Confetti

Review of the forthcoming release by Athens, Geordia rockers 'Motherfucker' 'Confetti',

Our Rating

8

The kick-ass, in-yer-face Athens, Georgia-based trio knows how to raise a ruckus with both its indie noise-rock tunes and its highly inflammatory band name. Erica Strout (guitar), Erika Rickson (drums), and Mandy Branch (bass) aren’t ones to limit their music style with descriptive labels either, stating on their Facebook page that they’re “post post” while most music sites tag the band as sludge-rock, alt-rock, or punk. Debut album Confetti will be out on July 28th on Sick Room Records and the band members recently finished up a short tour with a gig at Athfest. Despite the album’s fun title, it’s not a wave-your-hands-in-the-air, party-rock platter, but an unapologetically down and dirty, knock ‘em dead indie rock album.

Erica, Erika, and Mandy released a 3-song teaser of Confetti on their BandCamp profile back in May, which includes the L7-like title track (AKA “Confetti In Your Fucking Face”), and also bowed a wild (Just check out that ending!) video for it which was directed by Dominar Films. The main idea behind the song is about wanting to emotionally explode, but holding back the inner turmoil by imagining throwing confetti in someone’s face instead of hurling verbal abuse. This concept aptly captures the spirit of the whole 9-song album, which blends aggression, exasperation, and frustration, with conviction, invigoration, and purgation.

The sound of Confetti is seriously ferocious from the get-go, as the band rips through the driving album-starter “I’m Fucking Dick Dale”. Distorted guitar riffs and low-end bass grind through the slammed, primal drum beat and cymbal smash while Erica directly intones the short-phrase, raw lyrics “When I hit you / You won’t know what to do.” Erica’s vocals rise in intensity as she unleashes the same lyrics cycle in an exclamatory tone amid the drum rhythm acceleration and thick guitar fuzz. In keeping with the song title, a brief line of reverb guitar reels out near the end of the tune.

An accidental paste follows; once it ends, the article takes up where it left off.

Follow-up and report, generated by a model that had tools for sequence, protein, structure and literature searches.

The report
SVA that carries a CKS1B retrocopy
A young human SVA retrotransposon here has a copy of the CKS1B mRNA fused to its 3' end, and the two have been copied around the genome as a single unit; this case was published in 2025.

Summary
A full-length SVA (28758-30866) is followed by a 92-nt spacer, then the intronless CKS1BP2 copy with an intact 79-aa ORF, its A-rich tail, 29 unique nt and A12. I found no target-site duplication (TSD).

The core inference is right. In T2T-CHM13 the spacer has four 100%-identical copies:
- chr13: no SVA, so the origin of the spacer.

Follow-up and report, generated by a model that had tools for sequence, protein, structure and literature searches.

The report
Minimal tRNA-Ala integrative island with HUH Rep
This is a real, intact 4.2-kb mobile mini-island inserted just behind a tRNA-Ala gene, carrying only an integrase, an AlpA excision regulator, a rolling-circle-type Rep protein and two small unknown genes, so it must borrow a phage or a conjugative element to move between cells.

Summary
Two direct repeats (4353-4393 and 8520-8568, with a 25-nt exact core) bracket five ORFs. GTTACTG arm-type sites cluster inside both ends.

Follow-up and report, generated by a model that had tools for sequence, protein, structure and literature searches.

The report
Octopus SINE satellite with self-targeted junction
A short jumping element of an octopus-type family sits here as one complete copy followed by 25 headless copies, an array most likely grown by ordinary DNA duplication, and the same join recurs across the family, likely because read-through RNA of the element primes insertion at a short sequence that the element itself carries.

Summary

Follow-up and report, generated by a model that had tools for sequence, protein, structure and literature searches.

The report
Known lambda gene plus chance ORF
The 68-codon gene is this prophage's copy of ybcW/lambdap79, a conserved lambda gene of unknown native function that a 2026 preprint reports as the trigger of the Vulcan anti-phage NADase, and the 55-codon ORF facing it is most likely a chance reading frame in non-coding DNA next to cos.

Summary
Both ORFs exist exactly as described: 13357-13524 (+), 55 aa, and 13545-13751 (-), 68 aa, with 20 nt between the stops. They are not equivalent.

The sludgy sonic onslaught doesn’t stop as “Methwitches” kicks into high gear with a propulsive bass line and drum bash. With a droning guitar line behind her, Erica adopts a lighter vocal tone, sing-talking in a dreamy, hypnotic register “Tell me, have they threatened you? / Tell me who they are…” Discordant guitar distortion reverberates through the dangerously anarchic thrills of “Wild Cherry Nightmare”. Erica menacingly stalks through the stark ‘steal and destroy’ coda of “…the great escape / With our guns ablaze / we’re gonna lay down waste.” A quick breakdown of kinetic drum beats and keen guitar jags escalates to a scorching boil as Erica shouts out “What we steal is what we get.”

The band detunes it even more on “I Want The F”, a noisy, heavy number that ups the chaotic attack factor while inserting short, but vivid-imagery lyrics like “Let them eat cake”, “guillotine death”, and “in a pretty dress” that conjure up Marie-Antoinette’s unfortunate fate. The vocal salvos segue into a tense simmer of a quick-picked guitar line and speedy marching drumbeat. The drums disappear and leave only the deceleration of the guitar pace before the clangorous stew returns. Atonal guitar scariness haunts the start of “Carl Sagan’s Ghost” until a galloping beat comes in along with thrashed out guitars and a charging bass line. A dispassionate Erica packs in a bunch of questions about the uncertain workings of the cosmos and the dichotomy between science and faith (Can fact and belief coexist?) in only a few spare phrases. While her tone may be detached, she does connect with the hopeful line “Somewhere something incredible is waiting to be known.”

Bad vibes radiate lyrics-wise from “Good Time” as Erica goes in lean ‘n’ mean, reciting cold-bloodedly “We come in through your window at night… / Switchblade in hand / searching for a sign of life.” A foreboding, low-slung bass line and rapid fire drum beat rampage through the tune as Erica delivers the kicker line that begins with “You don’t need to have a brain / to have a good time.” A repetitive guitar riff commences the slow-churning trudge of “Nobody Leaves This Place Without Singin’ The Blues” before distorted guitar fuzz and a pronounced drum beat make their mark. Erica pulls out her words deliberately, stating blearily “You don’t know where the night will go / You can’t hide…” while broiling guitar lines, dynamic drums, and scintillating cymbals hits support her. She encapsulates modern nightlife in a nutshell by declaring “This is how we disconnect.” Album-ender “ZANG” turns that downer thought around 180 degrees with a jittery squall of agitated sonics that includes zig-zagging guitar riffs, a super-kinetic drumbeat, and a defiant Erica proclaiming “I don’t need your advice.”

Review by Jen Dan